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Germany’s Dangerous Nuclear Flirtation

Opening a debate on German nuclear armament, as some are advocating, would be the geopolitical equivalent of walking into checkmate. Rather than discuss a scenario that would damage the strategic environment in Europe, leaders should instead focus on reinforcing military alliances and strengthening conventional capabilities.

BERLIN – As in a game of chess, there are geopolitical moves through which a country can – unwittingly – checkmate itself. Opening a debate on German nuclear weapons would be such a move. Yet this is exactly what some Germans have recently proposed. Supporters of a nuclear-armed Germany contend that NATO’s nuclear umbrella has lost all credibility because of statements made by US President Donald Trump.

There are at least three good reasons why considering a nuclear option would be foolhardy for Germany. For starters, Germany has repeatedly renounced it, first in 1969 by signing (and later ratifying) the Treaty on the Non-Proliferation of Nuclear Weapons (NPT), and then in 1990 by signing the so-called Two Plus Four Treaty, which paved the way for German reunification.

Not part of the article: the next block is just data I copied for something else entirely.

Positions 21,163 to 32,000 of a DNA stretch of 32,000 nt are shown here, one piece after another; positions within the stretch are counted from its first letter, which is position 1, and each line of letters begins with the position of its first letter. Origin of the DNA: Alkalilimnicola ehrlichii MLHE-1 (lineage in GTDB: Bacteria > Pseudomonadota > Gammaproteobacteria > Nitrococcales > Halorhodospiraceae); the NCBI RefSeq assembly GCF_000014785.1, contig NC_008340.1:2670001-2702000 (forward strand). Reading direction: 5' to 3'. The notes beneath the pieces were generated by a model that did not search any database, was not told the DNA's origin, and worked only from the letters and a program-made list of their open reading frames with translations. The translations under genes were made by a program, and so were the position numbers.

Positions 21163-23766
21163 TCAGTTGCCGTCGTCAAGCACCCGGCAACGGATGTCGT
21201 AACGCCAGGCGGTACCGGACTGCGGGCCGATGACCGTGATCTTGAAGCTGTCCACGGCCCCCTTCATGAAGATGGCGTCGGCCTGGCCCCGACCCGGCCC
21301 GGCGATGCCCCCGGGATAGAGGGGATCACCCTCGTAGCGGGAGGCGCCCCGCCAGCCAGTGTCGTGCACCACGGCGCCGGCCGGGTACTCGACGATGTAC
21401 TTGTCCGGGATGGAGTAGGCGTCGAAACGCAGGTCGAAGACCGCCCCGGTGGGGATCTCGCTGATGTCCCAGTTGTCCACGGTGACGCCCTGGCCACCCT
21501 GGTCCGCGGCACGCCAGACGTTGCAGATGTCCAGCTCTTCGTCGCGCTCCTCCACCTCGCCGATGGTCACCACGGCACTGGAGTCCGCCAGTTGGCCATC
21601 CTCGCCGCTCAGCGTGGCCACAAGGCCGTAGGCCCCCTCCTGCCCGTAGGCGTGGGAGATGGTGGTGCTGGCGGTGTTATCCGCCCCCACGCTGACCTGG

Casting doubt on these commitments would severely damage Germany’s reputation and reliability worldwide. Germany would call into question the credibility of NATO’s nuclear deterrence, and thus the alliance itself, along with the entire nuclear non-proliferation regime.

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